Despite my long-term residence in Cairo, I look on the land with the Nile River with eyes that wondering what more can go wrong. A judge sentenced more than 680 to death, including the spiritual guide to the Muslim Brotherhood; the Ikhwan Muslimi was outlawed when I was in Egypt.
Opposed to overall authority, the Brotherhood faced a ban that was imposed by the British, the “last” colonial power. Actually, London ruled the land of the pyramids by default; in 1882, they occupied Alexandria, armed with several treaties and concordats. Gamal Abdul Nasser became the sole survivor when the national military took over.
My introduction to Egypt was by the way of the last sight that King Farooq remembered of his native land. He took the yacht al-Arrousa north to Italy; when it returned the boat was free! General Nasser enfolded the nation into the Cold War. I spent a month in Rome, waiting a CBS visa, which never came. I remained close to the Egyptian embassy.
In February 1977, I managed to make Cairo; that was under the reign of President Anwar Sadat. On November 19, he went to Israel and money started flowing along the Nile. Not the U.S. but international companies: Sweden took over the phones. Hallelujah! We acknowledged the very many sources.
President Sadat was assassinated in October 1981 and Hosni Mubarak succeeded: things went well for foreigners – so good that it went along for the non-native born. Meanwhile, the familiar was being replaced by Mubarak’s cronies. Bribes were paid, we understand – after the fact. In that part of the world, paying-off is the normal – which is why the general voting went the other way.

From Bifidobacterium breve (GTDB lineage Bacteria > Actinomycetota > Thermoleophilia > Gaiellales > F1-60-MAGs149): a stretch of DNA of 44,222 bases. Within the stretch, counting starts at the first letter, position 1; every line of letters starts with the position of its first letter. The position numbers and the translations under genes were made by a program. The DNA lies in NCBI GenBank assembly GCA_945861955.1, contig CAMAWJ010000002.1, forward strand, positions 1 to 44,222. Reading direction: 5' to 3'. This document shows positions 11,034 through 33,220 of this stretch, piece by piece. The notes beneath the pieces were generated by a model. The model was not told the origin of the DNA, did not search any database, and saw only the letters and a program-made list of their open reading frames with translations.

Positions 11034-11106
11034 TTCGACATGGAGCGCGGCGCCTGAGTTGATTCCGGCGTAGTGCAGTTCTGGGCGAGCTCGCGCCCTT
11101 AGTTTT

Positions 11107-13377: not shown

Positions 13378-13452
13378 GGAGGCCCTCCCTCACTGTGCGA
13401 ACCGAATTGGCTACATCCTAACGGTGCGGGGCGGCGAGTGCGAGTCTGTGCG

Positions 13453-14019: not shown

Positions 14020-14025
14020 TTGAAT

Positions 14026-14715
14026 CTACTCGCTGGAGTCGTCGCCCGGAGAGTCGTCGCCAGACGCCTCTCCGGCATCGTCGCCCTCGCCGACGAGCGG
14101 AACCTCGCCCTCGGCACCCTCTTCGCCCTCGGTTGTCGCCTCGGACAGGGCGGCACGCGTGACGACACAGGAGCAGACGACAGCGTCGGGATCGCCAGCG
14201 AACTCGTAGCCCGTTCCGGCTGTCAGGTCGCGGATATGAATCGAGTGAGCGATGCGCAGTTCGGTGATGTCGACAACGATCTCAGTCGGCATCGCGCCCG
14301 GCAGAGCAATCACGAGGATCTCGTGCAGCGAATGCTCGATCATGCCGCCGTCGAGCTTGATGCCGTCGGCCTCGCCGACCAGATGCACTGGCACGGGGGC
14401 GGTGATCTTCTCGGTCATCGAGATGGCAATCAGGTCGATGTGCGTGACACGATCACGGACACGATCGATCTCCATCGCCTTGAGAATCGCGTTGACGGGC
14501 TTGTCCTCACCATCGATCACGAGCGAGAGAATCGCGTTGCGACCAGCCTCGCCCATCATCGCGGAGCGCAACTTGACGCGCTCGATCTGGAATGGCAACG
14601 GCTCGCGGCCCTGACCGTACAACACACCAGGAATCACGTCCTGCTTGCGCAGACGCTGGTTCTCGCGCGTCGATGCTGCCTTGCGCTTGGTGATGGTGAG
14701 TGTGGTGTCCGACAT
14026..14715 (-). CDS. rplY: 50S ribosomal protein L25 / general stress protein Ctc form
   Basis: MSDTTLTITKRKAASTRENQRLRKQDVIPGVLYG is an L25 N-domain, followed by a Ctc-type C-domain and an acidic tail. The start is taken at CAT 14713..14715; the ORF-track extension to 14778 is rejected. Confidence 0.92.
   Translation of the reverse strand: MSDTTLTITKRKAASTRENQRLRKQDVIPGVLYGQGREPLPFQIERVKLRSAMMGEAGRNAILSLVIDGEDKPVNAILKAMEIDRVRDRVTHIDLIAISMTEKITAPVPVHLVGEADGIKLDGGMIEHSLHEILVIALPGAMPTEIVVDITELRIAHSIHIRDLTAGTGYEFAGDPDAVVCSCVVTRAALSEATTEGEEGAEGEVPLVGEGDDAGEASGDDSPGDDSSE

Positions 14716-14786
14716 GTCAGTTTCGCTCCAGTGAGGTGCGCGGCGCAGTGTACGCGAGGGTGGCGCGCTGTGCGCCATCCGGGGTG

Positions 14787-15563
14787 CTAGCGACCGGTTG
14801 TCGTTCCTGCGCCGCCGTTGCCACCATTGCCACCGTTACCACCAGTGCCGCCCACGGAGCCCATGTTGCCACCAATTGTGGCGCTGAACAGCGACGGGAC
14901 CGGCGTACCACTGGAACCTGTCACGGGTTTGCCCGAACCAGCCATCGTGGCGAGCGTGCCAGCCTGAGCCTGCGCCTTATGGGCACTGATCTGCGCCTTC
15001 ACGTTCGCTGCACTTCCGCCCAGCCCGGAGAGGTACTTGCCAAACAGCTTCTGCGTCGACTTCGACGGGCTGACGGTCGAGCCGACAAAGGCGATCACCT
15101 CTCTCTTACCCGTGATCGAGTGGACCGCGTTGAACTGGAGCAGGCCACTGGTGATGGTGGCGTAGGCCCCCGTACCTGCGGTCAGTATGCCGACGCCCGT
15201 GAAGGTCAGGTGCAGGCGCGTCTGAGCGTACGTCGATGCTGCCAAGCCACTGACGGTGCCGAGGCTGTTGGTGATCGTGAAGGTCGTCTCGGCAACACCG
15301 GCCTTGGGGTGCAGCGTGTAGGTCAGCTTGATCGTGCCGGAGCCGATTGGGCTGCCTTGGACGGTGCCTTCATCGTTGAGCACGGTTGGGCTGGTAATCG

When the “public intellectuals” absconded with their rights, the elections went to the Muslim Brotherhood. This is not the first time in history the reactions went along with the majority. In fair and free voting, the tally agreed. This was different. Minus the informed, who decided on its own, not to submit a valid ballot. In the end, I thought the decent people would agree to submit a vote. Nothing happened.
The breeze blowed. The dust flowed. Whatever happened that day, the morning and afternoon hours were not the same – especially in the space occupied by Egypt.
Ya hosarra! What a pity!